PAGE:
Race-blind decision-making could reduce racial disparities in child welfare system
Pilot project in New York shows the pronounced effect it could have
THOUGH THEY ARE certainly helpful for raising broader awareness of the issue, I don’t need reports or articles like the recent piece in CommonWealth to tell me that black and Hispanic families are overrepresented in the state’s child welfare system. I can just look at the youth my agency serves. Over half are racial minorities, even though only 40 percent of children and teenagers under age 18 in Massachusetts identify as such.
Statewide, these disparities are deeply troubling. Over 33 percent of children in the state’s child welfare system are Hispanic even though they comprise just 19 percent of children. Just over 13 percent of children in the child welfare system are black even though they make up just 9 percent of the children in the state.
The overrepresentation of racial minorities in child welfare programs is not unique to Massachusetts. Black children account for about 14 percent of all children in the United States, but make up 23 percent of all those in foster care. Among children entering foster care, American Indian/Alaska Native children are represented at 2.7 times their rate in the general population. In Minnesota, where just 1.7 percent of children are American Indian/Alaska Native, they make up 27.2 percent of all those in foster care.
Racial disparities persist throughout the child welfare system, from initial reports of neglect or abuse to out-of-home placements. Black parents and guardians are nearly twice as likely to be investigated for alleged child maltreatment as white parents and guardians. Asian, Hispanic, and black parents and guardians are far more likely to be reported for physical abuse than white parents and guardians.
So how should child welfare agencies approach this problem? An experiment by the Office of Child and Family Services in Nassau County, New York, is instructive. In 2009, New York’s Office of Children and Family Services provided grants to 13 county child welfare offices in the state to fund new strategies to reduce the overrepresentation of black children in foster care. Nassau County officials decided on a simple approach: race-blind decision-making about removing children from their homes.
To run the experiment, Nassau County began determining out-of-home foster care placements only after a family’s race or ethnicity was removed from the case file. They also removed family names and addresses from case files because such information can provide clues about race and ethnicity. Instead, decisions about whether to remove a child from a home or provide in-home services to help stabilize the family were made solely on the basis of information about current allegations, past allegations, and risk factors like mental health, substance abuse, parental stressors, and the number of children in the family.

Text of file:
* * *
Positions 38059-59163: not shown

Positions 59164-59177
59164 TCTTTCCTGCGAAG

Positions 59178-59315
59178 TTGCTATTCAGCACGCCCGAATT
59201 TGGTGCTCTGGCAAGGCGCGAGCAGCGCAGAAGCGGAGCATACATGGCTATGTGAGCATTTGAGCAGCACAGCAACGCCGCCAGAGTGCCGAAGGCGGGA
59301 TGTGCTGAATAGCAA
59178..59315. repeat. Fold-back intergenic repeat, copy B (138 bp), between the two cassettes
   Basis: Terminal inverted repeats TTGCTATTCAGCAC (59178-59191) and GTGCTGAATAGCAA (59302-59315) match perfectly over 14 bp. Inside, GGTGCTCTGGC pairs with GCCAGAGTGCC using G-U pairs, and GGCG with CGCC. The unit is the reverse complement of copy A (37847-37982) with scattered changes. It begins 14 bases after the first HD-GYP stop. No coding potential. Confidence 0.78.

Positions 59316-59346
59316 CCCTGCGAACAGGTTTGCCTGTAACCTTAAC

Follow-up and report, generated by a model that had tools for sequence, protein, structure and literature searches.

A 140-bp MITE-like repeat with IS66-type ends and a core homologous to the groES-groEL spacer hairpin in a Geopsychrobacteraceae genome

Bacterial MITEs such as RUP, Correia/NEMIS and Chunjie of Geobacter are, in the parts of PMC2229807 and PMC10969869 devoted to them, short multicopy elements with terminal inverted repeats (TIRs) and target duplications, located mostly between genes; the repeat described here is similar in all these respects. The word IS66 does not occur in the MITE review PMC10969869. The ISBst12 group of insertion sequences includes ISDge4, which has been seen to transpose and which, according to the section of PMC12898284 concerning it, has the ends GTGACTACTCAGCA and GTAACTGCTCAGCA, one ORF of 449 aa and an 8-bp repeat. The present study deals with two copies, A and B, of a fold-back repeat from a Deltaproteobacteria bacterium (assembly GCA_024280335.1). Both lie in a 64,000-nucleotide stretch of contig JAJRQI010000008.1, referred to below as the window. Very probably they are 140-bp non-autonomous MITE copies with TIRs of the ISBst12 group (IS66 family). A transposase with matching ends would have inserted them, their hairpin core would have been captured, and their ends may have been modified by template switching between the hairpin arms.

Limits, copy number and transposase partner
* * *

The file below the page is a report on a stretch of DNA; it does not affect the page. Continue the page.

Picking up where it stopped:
It didn’t take long before they saw a drop in the number of black children removed from their homes due to allegations of abuse or neglect—and the numbers were significant. In 2011, 57 percent of the children placed in foster care by Nassau County officials were black—even though black people accounted for only about 13 percent of the county’s overall population. Five years later, after continuously running the race-blind removal experiment, just 21 percent of children removed from their homes were black.
The ongoing results in Nassau County were so effective that in 2020, New York Gov. Andrew Cuomo issued a directive ordering all child welfare offices in the state to adopt race-blind decision-making processes when considering whether to remove a child from their home.
The experiment forced Nassau County child welfare officials to confront their own racial biases, however well-intentioned they are about protecting children. One agency administrator told researchers that race-blind decision-making has brought objectivity to what traditionally has been a subjective task. “This particular field is very, very subjective because it’s a very emotional field. There’s no one that doesn’t have emotions around child welfare,” said the administrator. “And it’s very hard to leave all your stuff at the door when you do this work. And I don’t know that everyone is very good at it.”Another agency staffer acknowledged how preconceived notions about where someone lives could affect decisions about foster care placement: “Once you hear certain towns, right away, automatically you think the worst of that particular community,” the person said. “And it’s probably about six towns that I can think off the top of my head that they think is like, ‘Oh my God.’ So I think that the name and the address have a lot, and also the next part of it is the presentation of the [case]worker.”
Sometimes the most effective solutions to problems are the most obvious. Race-blind foster care placement evaluations would be a good example. The practice will not fully eliminate racial disparities. But there is little doubt they can be a powerful tool in creating a more equitable child welfare system that responds appropriately and effectively to the needs of the children and families it serves.